Parthenogenesis

The ability of unfertilized eggs to develop is common to many insect species and in some is the normal mode of reproduction under certain conditions. In all insects except Lepidoptera and Trichoptera, the female is the homogametic sex (i.e., having two X sex chromosomes) and the male, heterogametic (XY or XO). Unfertilized eggs, therefore, will contain only X chromosomes. However, whether they contain one or two such chromosomes and, therefore, the sex of parthenogenetic offspring, depends on the behavior of the chromosomes during meiosis in the oocyte nucleus (Suomalainen, 1962; White, 1973).

Two forms of female-producing parthenogenesis (thelytoky) are known. In some species no meiotic division occurs during oogenesis. Therefore, offspring are diploid and female (ameiotic or apomictic parthenogenesis) and will have the same genetic makeup as the mother, unless mutation or insertion of transposable elements occurs (Heming, 2003). In meiotic (automictic) parthenogenesis, the typical reduction division is followed by nuclear fusion so that a diploid chromosome complement is retained. Again, therefore, the offspring are female but they have a different genetic make up from their mother.

Haploid parthenogenesis (arrhenotoky), where the oocyte nucleus undergoes meiosis that is not followed by nuclear fusion, is of relatively rare occurrence, though typical of Hymenoptera, Thysanoptera, and some homopterans and Coleoptera. It results in the production of males. In Hymenoptera, haploid parthenogenesis is facultative; that is, a female determines whether or not an egg will be fertilized. In the honey bee, for example, a queen normally lays fertilized eggs that develop into workers (diploid females). However, under certain conditions, for example, when the hive is crowded, and the workers construct larger than normal drone cells on the honeycomb, she will lay unfertilized eggs from which haploid males develop, as a preliminary to swarming.

Parthenogenesis, producing in most species female offspring, may confer two advantages. In a species whose population density may be (temporarily) low, the ability of an isolated female to reproduce parthenogenetically may ensure survival of her genotype until the population density increases and males are again likely to be encountered. More often, however, parthenogenesis is employed as a mechanism that provides a rapid mode of reproduction, to enable a species to take full advantage of temporarily ideal conditions. Thus, a parthenogenetic female, who does not require to locate, or be located by, a male can devote her time and energy to egg production. Further, all her offspring are female, so that her maximum reproductive potential can be realized. The disadvantage of parthenogenesis is that the genotype of successive generations remains more or less constant so that adaptation of a species to changing environmental conditions is very slow. To counteract this, many species alternate one or more parthenogenetic generations with a normal sexual generation. Aphids, for example, reproduce for most of the year by ameiotic parthenogenesis (Figure 8.8). However, toward fall (and affected by changing environmental conditions) there occurs, during maturation of some oocytes, a separation of the two X chromosomes,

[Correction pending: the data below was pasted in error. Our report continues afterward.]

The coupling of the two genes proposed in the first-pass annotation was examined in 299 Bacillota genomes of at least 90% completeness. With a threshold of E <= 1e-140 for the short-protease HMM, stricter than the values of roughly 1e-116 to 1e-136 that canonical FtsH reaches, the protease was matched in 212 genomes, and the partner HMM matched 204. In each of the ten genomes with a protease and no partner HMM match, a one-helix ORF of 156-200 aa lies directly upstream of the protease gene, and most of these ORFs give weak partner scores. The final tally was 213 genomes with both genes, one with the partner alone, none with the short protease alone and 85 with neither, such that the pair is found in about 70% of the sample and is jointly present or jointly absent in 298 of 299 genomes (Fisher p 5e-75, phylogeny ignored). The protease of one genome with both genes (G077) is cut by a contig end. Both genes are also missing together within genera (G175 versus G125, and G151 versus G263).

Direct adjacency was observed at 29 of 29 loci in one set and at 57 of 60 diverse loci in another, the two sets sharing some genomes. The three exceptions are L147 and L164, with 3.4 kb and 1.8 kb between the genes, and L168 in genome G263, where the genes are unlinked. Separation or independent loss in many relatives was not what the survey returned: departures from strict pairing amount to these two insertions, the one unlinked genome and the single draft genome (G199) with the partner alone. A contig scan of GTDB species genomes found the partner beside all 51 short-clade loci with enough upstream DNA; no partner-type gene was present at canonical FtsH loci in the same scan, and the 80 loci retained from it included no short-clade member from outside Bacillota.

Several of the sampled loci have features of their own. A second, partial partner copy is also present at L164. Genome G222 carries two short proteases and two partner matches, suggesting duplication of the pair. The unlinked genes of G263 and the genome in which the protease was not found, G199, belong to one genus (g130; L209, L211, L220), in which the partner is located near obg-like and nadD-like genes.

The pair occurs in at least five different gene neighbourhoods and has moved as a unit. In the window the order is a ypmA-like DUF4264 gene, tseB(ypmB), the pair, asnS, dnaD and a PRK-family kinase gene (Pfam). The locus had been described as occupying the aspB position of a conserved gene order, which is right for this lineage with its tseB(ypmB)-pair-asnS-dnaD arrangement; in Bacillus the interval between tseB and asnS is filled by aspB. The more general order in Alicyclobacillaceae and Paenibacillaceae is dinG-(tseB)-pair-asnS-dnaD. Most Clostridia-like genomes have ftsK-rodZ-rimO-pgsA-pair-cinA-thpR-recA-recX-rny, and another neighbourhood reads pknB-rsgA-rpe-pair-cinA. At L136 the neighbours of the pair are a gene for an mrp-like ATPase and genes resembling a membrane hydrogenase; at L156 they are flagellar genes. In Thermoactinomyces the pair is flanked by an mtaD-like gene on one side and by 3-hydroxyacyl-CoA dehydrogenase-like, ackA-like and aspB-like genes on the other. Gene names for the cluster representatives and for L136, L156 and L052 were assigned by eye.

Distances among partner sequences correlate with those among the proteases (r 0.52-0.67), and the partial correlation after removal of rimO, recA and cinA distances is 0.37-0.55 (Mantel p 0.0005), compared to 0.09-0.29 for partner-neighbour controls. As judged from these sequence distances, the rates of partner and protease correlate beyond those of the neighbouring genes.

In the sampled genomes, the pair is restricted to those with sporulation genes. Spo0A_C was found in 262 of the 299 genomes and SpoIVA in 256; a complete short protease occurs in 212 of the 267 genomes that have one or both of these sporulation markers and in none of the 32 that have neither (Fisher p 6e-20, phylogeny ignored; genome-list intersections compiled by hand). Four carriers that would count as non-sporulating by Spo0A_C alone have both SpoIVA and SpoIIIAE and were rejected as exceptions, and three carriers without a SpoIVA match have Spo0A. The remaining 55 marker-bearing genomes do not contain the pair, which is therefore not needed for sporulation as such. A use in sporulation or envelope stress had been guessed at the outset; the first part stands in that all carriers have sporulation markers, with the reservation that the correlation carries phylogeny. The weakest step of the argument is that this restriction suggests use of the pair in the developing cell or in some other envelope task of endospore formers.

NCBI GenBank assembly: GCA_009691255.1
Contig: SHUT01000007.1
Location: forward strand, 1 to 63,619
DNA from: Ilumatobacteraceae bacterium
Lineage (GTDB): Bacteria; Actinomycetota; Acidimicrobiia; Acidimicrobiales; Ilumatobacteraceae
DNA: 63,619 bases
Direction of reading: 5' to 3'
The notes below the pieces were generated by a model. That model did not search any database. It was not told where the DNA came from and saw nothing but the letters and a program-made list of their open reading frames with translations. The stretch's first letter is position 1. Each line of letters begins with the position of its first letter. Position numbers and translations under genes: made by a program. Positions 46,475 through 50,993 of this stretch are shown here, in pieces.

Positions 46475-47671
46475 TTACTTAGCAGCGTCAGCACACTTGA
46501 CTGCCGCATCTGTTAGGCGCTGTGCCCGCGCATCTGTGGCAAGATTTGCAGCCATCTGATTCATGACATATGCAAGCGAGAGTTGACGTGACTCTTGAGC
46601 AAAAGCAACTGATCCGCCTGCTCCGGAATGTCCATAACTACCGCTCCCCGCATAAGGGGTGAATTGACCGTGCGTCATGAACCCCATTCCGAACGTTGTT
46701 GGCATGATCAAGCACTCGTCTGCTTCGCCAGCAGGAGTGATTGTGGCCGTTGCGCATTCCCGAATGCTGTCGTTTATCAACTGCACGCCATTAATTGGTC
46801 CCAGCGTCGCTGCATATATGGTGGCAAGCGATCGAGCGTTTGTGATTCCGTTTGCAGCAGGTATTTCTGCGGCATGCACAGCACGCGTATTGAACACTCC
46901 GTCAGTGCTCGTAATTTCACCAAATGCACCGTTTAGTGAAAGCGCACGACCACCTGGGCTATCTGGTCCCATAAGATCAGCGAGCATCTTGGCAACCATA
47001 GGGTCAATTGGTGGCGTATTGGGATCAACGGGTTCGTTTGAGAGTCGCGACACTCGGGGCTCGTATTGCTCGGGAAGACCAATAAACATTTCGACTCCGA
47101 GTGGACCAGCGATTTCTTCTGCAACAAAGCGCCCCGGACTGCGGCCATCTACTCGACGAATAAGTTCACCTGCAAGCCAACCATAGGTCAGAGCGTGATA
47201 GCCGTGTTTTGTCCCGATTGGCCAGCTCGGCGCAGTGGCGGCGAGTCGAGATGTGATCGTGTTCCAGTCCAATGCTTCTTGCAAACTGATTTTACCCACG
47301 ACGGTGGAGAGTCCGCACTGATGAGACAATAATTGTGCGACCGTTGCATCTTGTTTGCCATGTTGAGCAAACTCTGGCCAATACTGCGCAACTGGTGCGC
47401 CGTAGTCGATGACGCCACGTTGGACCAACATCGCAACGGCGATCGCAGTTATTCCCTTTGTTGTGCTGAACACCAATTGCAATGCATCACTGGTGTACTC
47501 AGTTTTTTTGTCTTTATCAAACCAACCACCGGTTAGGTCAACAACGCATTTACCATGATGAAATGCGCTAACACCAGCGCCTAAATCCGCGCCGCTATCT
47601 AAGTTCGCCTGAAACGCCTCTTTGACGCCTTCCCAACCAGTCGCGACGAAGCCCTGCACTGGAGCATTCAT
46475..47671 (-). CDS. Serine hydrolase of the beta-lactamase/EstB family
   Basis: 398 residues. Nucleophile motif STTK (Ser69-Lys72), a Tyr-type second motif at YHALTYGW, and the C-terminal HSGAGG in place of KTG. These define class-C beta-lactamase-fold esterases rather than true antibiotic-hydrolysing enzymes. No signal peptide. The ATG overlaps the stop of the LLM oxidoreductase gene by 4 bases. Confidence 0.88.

614 one of which migrates to the polar body and is destroyed. From such eggs (with an XO

constitution) males will develop. As spermatogenesis occurs in these individuals, sperma-

Beekeeping for Beginners

Beekeeping for Beginners

The information in this book is useful to anyone wanting to start beekeeping as a hobby or a business. It was written for beginners. Those who have never looked into beekeeping, may not understand the meaning of the terminology used by people in the industry. We have tried to overcome the problem by giving explanations. We want you to be able to use this book as a guide in to beekeeping.

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